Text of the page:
GEOGRAPHIC AND DEMOGRAPHIC DISPARITIES IN SURVIVOR EXPERIENCES OF THE KATRINA RESPONSE
Jackson State University (UNITED STATES)
About this paper:
Conference name: 3rd International Technology, Education and Development Conference
Dates: 9-11 March, 2009
Location: Valencia, Spain
Abstract:Reports and studies of the events of Hurricane Katrina and the responses to environmental conditions of survivors have identified strong correlates with systems preparedness. System responses developed before and during the event were designed to address physical, mental and social health outcomes for survivors. However, the experiences of survivors with regard to their perceptions of disaster response and implementation have yet to identify specifics of differences between diverse geographical and demographic distributions.
This pilot study applied mixed methods analysis to data collected from a convenience sample of Katrina survivors in coastal and central areas of Mississippi. Perceptions of service and reported service access were assessed with regard to geographical location and race/ethnicity.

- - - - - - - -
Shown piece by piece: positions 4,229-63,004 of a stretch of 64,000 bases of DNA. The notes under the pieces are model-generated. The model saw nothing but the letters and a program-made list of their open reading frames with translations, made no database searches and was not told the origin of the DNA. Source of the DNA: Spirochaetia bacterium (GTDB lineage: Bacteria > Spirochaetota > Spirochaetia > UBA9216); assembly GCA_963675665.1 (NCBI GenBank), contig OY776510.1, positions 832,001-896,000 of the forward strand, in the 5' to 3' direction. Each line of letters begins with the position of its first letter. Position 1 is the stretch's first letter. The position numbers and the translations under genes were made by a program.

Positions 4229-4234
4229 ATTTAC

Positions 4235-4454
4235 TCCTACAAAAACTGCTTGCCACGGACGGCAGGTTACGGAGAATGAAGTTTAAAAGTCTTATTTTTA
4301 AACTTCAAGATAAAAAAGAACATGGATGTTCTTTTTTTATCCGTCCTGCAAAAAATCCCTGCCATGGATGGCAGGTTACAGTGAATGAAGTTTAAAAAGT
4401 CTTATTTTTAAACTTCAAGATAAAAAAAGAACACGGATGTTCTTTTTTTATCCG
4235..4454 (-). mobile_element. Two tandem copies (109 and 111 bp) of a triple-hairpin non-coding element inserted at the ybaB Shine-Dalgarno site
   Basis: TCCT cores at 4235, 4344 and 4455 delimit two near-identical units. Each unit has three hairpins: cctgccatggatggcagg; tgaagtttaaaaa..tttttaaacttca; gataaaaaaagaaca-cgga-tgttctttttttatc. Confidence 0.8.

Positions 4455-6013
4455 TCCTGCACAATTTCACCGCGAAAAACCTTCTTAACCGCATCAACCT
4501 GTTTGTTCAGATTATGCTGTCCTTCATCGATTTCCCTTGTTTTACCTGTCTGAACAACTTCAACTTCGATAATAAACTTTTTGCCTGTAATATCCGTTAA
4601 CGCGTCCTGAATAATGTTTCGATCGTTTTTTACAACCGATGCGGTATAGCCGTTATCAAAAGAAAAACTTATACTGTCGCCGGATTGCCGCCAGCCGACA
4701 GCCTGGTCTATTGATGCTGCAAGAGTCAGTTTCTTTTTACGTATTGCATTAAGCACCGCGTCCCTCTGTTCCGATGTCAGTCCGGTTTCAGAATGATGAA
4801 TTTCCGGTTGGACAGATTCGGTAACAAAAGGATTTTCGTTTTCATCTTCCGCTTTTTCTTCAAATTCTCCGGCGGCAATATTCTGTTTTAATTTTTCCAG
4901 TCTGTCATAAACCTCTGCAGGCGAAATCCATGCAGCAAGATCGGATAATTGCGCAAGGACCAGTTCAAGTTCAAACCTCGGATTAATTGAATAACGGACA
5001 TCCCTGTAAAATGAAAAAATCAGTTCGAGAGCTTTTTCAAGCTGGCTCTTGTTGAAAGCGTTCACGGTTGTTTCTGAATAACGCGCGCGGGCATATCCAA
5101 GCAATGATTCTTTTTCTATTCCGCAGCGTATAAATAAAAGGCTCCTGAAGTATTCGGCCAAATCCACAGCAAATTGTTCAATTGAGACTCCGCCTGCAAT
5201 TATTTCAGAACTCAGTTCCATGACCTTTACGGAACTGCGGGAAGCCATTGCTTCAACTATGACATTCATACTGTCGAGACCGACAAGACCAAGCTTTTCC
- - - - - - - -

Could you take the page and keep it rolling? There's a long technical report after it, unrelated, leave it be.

Significant differences were identified in survivors' experiences with regard to the implementation of Katrina response processes. Demographic distribution by race and ethnicity, and geographical distribution by coastal and non-coastal location of survivors were strongly associated with differences in experiences and perceptions of response processes. Differences identified were in area of focus with regard to geographical location. However, disparities in quality of service were discovered in relation to race and ethnicity.
In order to reduce disparities, areas of disaster response emphasis should include attention to policy development and quality of implementation. The emphasis should include access and quality assurance related to disaster preparedness for individual and organizational cultural competence with regard to ethnicity and race. Geographical differences in emphasis indicate a need for more specific and flexible policy application.